Strategy of Global Corporates in Emerging markets

Here we are presenting an actual case of HUL or Hindusthan Unilever as to how they are shaping themselves for Indian markets. HUL is not doing any radical restructuring in India, but what they are doing is fine-tuning their resources to meet future priorities. This is because they have to ‘shape up or ship out’ if they cannot organize their resources to meet future priorities.

Developing and merging (D&E) markets have emerged as one of the clear priorities where consumer products major Unilever wants to get its growth from. This is not surprising as the region’s contribution to Unilever revenues in the category has gone up to 44% from 36% in three years. D&E is where the economic center of gravity is shifting. HUL’s footprint of growth from D&E is higher than almost their entire peer group. Without a doubt, Unilever will match resources with priorities.

The resources allocation among others will come in the form of a higher expenditure on research and development (R&D) and advertising and promotion (A&P). For the Asia-Africa region, Unilever has spent almost half a billion extra for A&P in the last three years. That is a large chunk of the incremental support that Unilever is putting behind in its brands globally.

Unilever now has more R&D resources in Asia than what it had three years ago. Moreover, 30% of its R&D in Home and Personal Care (HPC) products having the bulk of the business is located in Asia. HUL are making a major shift of resources to match priorities, and is significantly higher than any of their competitors in terms of on ground presence of their R&D resources.

Most global companies are eying the growth opportunity in D&E market, from where 75% of global growth in population is going to come from, and Unilever is no different. Unilever has given a guidance of 3-5% growth or top line, which is expected to be in the upper end of 3-5% in 2008.

D&E will be a key growth driver, and so far as India is concerned, HUL have a huge role to play in this growth agenda. India contributes roughly 6% to Unilever’s revenues.

Plan for India:

Hindustan Unilever (HUL) has emerged as a large talent sourcing pool for the parent, globally. At present, 120 managers from HUL are posted across levels in various Unilever companies outside India. While this is a significant jump from what was being sourced in the previous years, HUL benefits by leveraging upon other resources from Unilever.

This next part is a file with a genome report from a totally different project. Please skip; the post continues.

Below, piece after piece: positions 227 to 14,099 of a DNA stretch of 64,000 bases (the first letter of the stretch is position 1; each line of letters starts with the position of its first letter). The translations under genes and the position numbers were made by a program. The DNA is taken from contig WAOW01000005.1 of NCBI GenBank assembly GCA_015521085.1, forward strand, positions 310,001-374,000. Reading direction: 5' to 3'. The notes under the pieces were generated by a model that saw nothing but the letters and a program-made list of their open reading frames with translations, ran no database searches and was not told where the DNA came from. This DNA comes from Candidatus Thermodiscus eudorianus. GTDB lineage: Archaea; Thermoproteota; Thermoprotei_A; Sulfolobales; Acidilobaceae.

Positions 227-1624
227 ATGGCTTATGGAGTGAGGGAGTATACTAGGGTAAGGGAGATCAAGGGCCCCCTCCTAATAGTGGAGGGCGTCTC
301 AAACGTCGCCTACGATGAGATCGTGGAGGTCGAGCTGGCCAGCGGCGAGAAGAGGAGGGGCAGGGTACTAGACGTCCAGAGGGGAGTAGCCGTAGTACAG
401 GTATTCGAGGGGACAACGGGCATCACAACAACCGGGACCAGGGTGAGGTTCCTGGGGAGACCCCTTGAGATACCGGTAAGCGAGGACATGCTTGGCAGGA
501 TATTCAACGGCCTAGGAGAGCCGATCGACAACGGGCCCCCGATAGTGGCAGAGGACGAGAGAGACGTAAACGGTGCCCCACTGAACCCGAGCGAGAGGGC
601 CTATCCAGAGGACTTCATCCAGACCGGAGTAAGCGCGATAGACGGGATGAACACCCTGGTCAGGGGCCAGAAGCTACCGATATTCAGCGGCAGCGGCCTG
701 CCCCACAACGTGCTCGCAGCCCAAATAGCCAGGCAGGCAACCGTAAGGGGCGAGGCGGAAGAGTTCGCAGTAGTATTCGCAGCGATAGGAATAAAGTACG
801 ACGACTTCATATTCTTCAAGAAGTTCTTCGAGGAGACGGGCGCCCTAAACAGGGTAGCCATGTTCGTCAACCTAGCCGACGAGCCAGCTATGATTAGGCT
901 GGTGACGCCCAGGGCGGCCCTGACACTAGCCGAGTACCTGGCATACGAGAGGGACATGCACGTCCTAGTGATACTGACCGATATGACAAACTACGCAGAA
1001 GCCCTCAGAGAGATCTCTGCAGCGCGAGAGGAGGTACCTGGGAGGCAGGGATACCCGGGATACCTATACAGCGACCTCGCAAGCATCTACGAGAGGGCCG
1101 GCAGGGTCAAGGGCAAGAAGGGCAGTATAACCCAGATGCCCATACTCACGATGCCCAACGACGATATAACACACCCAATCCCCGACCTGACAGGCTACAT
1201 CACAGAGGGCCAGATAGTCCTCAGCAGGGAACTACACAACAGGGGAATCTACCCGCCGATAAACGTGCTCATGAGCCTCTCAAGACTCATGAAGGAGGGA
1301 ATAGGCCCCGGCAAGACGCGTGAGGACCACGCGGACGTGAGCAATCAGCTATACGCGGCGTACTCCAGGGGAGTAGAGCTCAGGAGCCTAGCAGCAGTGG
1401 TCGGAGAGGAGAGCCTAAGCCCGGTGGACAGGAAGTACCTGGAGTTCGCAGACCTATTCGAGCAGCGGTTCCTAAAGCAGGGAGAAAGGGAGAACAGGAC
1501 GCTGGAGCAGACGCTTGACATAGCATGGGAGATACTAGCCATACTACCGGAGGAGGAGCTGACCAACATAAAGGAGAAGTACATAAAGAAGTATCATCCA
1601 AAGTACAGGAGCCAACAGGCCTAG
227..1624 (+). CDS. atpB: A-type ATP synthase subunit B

Global and regional leverage: HUL will not only leverage technology from Unilever, but will also benefit from Unilever’s regional focus. For instance, even local brands like ‘Hamam’ bath soaps which are not global in presence, will get a boost from Unilever’s global technology to be able to better compete in the market place.

Now HUL are focused on doing more active brand portfolio management where they are trying to make sure that in terms of innovation they are able to leverage global and regional scale behind each and every one of their brands irrespective of whether they happen to be global brands regional brands or local brands.. The company has identified growth opportunity in terms of market development, penetration and conversion of non users into users. HUL hopes to not only lead in a given market, but also lead the growth in the market.

Focus on operational excellence: To win in the marketplace, HUL plans to sharpen its capabilities and competitive edge.

Strategic clarity: In terms of strategic clarity, HUL will make choices where it wants to invest and where it does not want to invest. While UL has restructured some businesses in the past, it is also investing resources and people behind new businesses like water (Pure-it) and modern trade. This is because you have to shape your resources to meet your future priorities. That’s the name of the game.